The proposed rules would have required an institution that includes the costs of books and supplies as part of tuition and fees to separately disclose those costs and explain why including them is in the best financial interests of students. The final rule does not include this disclosure; instead, it sets the conditions under which an institution may include books and supplies in tuition and fees, for the purpose of crediting the student’s account.

When Title IV funds are disbursed by crediting a student’s ledger account, the final rules allow an institution to pay tuition, fees, and institutionally provided room and board, as is currently the case. In addition, the final rule allows an institution to use Title IV funds to pay for purchases of “books, supplies, and other educationally related goods and services provided by the institution for which the institution obtains the student’s or parent’s authorization.” This language is somewhat more specific than current regulation, which simply allows crediting the account for “other educationally related charges incurred by the student at the institution” if authorization is obtained.

However, an institution may include the costs of books and supplies as part of tuition and fees under the final rule, and use Title IV funds to cover those costs without obtaining authorization, if:

  • The institution has an arrangement with a book publisher or other entity that enables it to make those books or supplies available to students at below competitive market rates;
  • Provides a way for a student to obtain those books and supplies by the seventh day of a payment period; and
  • Has a policy under which the student may opt out of the way the institution provides for the student to obtain books and supplies under this provision.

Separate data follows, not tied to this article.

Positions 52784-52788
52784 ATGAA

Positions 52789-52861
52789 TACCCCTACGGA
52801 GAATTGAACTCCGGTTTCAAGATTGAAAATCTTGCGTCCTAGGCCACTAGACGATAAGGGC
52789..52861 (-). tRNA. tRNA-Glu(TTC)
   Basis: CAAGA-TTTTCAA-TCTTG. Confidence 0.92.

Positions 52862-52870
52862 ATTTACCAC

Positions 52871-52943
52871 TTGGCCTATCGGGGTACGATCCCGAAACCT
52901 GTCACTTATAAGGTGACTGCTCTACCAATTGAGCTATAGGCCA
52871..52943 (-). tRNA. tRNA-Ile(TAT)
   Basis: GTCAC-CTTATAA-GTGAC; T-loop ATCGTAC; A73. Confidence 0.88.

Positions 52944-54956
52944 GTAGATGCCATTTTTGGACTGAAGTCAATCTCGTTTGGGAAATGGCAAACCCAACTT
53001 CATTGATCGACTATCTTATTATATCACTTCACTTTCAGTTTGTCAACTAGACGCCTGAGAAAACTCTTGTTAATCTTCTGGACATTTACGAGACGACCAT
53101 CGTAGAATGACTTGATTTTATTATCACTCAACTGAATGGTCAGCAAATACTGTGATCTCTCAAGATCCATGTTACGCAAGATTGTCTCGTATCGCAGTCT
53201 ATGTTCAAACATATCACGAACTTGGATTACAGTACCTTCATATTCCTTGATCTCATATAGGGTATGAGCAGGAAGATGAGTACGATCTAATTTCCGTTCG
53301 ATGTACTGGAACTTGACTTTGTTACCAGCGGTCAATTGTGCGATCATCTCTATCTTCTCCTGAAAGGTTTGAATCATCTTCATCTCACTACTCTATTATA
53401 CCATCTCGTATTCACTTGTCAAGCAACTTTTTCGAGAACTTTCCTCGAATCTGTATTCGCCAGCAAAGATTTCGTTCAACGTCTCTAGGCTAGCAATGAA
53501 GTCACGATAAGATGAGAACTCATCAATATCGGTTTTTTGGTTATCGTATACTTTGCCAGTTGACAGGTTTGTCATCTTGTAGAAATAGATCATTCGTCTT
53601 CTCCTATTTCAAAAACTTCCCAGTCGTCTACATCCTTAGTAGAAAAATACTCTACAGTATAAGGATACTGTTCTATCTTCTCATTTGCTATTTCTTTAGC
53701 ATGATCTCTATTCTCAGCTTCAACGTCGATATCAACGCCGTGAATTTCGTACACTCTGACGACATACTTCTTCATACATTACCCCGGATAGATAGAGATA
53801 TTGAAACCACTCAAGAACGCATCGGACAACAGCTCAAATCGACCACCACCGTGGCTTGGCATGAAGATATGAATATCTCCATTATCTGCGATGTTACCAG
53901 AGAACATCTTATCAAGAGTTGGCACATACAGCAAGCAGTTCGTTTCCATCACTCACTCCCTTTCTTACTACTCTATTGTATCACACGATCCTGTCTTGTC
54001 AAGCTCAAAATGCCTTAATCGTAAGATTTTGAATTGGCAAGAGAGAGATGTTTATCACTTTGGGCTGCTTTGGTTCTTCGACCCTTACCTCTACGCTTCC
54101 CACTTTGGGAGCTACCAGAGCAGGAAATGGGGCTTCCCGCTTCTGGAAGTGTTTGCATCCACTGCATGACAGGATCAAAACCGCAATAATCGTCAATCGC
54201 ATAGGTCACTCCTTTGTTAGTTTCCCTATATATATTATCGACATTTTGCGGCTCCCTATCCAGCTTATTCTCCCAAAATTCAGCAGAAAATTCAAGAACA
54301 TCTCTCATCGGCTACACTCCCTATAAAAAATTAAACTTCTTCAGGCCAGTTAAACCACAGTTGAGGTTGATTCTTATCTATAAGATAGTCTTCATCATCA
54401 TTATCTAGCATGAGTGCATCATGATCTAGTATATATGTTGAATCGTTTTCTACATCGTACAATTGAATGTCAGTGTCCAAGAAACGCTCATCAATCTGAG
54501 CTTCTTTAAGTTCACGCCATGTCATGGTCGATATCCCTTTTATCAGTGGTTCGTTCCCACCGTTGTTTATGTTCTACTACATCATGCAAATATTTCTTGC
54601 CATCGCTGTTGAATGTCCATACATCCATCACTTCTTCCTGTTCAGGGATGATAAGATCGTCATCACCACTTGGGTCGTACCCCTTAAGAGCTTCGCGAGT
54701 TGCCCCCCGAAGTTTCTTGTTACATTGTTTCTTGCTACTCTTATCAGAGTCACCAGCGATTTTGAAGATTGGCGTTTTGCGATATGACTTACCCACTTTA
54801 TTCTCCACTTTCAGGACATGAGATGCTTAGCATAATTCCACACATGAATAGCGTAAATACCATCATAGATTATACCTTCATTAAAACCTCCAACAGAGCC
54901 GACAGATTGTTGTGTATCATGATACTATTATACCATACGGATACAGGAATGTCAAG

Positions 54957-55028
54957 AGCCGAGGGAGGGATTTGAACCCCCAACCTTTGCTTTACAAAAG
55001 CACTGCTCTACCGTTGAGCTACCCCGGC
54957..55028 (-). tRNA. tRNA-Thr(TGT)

Alternately, the institution may include books and supplies in tuition and fees, and use Title IV funds to pay for them without obtaining authorization, if:

  • It documents on a current basis that the books or supplies, including digital or electronic course materials, are not available elsewhere or accessible by students enrolled in that program from sources other than those provided or authorized by the institution; or
  • The institution demonstrates there is a compelling health or safety reason.

ED acknowledged that these changes from the proposed rule were made because commenters made a persuasive argument that including books and supplies would not only enable an institution to negotiate better prices for its students, it would result in students having required course materials at the beginning of a term or payment period.

Clock-to-Credit-Hour Conversion [668.8(k)]
The final rule streamlines the requirements governing clock-to-credit-hour conversion by removing the provisions under which a State or Federal approval or licensure action requires a program to be measured in clock hours for Title IV purposes. This change does not affect the basic regulatory definition of credit hour found at 600.2, the programs subject to the conversion formula, or the conversion formula itself.

Prorating Charges [668.164(c)(5)]
Under the final rules, an institution that charges a student up front for more than one payment period (for example, for the entire program of study) must prorate those charges for the purpose of crediting Title IV funds to a student’s ledger account. The purpose of this new provision is to ensure that a student receives a credit balance to use for non-institutional educational expenses in each payment period, rather than having to wait until a final payment period to receive any credit balance. Proration would include charges for books and supplies that are allowed to be included in tuition and fees.

This is the first in a series of articles on the final rules. 

 

Publication Date: 11/3/2015